1Denver the Best, Detroit the Worst for Small Business Employment
by Nathan Eddy
2Denver Takes the Top Spot for Small Biz Employment
The Mile High metropolitan area boasts nearly 30 businesses with fewer than 250 employees per 1,000 residents, a workforce that’s growing at the second fastest rate in the country.
3Beantown Is a Great Place for Midmarket Companies
Factors like small business vitality and hours worked were enough to overcome a relatively high cost of living and give Boston the distinction of being the second best city to work for a small business in 2013.
4Minneapolis Gives the Midwest Small Business Chops
Minneapolis ranks in the top 10 nationally in terms of small business vitality, industry variety and stress, and companies with fewer than 50 employees make up roughly half of the Minneapolis Chamber of Commerce’s membership.
5Seattle Makes It Rain for SMBs
The Emerald City landed in the top 10 for unemployment, new hire earnings and industry variety, and is a key West Coast hub for manufacturing, transportation and entrepreneurship.
6The City by the Bay Is Ideal for Small Businesses
The San Francisco Bay Area boasts the sixth-most small businesses per capita, ranks fifth in terms of both small business vitality and net small business job growth, and offers the second highest wages to new hires.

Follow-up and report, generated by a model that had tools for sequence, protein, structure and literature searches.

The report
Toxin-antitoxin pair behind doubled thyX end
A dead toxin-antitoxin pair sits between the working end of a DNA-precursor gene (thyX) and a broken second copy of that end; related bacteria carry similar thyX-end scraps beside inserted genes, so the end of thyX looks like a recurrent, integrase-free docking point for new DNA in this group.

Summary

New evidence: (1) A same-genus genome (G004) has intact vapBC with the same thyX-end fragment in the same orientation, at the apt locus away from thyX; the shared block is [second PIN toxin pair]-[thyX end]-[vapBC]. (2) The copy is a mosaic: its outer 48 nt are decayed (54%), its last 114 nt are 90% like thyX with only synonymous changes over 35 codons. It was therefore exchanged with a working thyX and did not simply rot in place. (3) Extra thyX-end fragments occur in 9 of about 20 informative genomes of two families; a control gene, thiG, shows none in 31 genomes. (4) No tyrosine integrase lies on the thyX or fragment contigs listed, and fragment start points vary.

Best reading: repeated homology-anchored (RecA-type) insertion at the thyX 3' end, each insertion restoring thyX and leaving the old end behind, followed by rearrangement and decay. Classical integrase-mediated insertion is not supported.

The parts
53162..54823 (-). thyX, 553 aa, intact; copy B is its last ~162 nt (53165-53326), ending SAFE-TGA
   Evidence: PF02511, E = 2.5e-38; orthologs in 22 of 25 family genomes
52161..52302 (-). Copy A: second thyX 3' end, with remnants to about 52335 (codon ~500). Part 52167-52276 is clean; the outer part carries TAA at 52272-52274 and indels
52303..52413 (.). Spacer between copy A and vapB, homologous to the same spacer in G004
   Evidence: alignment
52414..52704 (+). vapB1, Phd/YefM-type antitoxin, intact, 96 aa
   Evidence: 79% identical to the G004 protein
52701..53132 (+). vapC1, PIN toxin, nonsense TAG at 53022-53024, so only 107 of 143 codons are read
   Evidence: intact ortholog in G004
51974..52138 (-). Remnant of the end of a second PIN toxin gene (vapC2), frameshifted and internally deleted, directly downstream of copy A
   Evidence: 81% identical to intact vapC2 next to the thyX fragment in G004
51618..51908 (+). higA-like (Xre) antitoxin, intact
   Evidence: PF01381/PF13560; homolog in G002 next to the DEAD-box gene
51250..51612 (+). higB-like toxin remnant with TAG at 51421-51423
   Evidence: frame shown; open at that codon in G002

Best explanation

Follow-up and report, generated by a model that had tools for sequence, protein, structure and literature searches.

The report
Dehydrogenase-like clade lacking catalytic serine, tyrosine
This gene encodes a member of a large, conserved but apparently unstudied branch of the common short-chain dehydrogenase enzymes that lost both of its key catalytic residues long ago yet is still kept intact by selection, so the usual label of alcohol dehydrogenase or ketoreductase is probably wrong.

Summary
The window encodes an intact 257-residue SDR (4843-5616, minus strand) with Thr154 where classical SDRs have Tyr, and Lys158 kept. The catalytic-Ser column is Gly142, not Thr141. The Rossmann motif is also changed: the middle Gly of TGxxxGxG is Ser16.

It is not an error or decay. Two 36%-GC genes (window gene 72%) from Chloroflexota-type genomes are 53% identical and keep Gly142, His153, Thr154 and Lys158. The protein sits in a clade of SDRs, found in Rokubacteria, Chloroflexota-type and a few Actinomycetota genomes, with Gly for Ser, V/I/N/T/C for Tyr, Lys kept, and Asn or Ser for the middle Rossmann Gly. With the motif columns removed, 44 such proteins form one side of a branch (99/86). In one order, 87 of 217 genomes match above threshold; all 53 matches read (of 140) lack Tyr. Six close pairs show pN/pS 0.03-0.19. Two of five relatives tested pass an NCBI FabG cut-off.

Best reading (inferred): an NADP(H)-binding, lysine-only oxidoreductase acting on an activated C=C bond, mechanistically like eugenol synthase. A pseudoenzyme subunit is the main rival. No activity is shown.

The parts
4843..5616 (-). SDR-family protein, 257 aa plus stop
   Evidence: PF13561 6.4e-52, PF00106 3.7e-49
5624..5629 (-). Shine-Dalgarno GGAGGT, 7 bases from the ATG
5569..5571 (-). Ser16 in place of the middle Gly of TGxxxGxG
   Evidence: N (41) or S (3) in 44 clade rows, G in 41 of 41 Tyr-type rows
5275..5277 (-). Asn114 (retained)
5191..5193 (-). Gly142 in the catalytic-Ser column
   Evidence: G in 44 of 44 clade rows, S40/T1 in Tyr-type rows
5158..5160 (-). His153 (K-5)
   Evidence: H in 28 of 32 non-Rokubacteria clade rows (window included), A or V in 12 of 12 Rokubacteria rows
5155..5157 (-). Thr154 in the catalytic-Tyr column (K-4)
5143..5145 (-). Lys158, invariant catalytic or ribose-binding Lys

7San Diego’s Silver Linings Playbook
While it was ranked the fifth worst city for small business employees in 2013, the metropolitan area ranks fifth nationally in terms of net small business job growth over the past four years.
8City of Brotherly Love Not Affectionate Toward SMBs
Philadelphia ranks in the bottom 10 nationally in terms of small business vitality, unemployment, stress and cost of living, though its employees work the fourth-fewest hours, on average.
9California’s Capital Needs a Crutch
Sacramento’s lethargic economic recovery, combined with below-average job growth and stress rankings, explains why the city is among the worst to work for a small business in 2013.
10Riverside, Calif., Not Far Behind Sacramento
Out of the 30 cities that CardHub evaluated, the Riverside metropolitan area ranked last in terms of number of small businesses per capita, small business vitality and unemployment rate.
11Detroit Just Can’t Catch a Break
The Motor City’s small business community continues to be marred by barrel-bottom rankings in terms of small businesses per capita, small business vitality, net small business job growth, unemployment rate, new hire earnings, hours worked and industry variety. Ouch.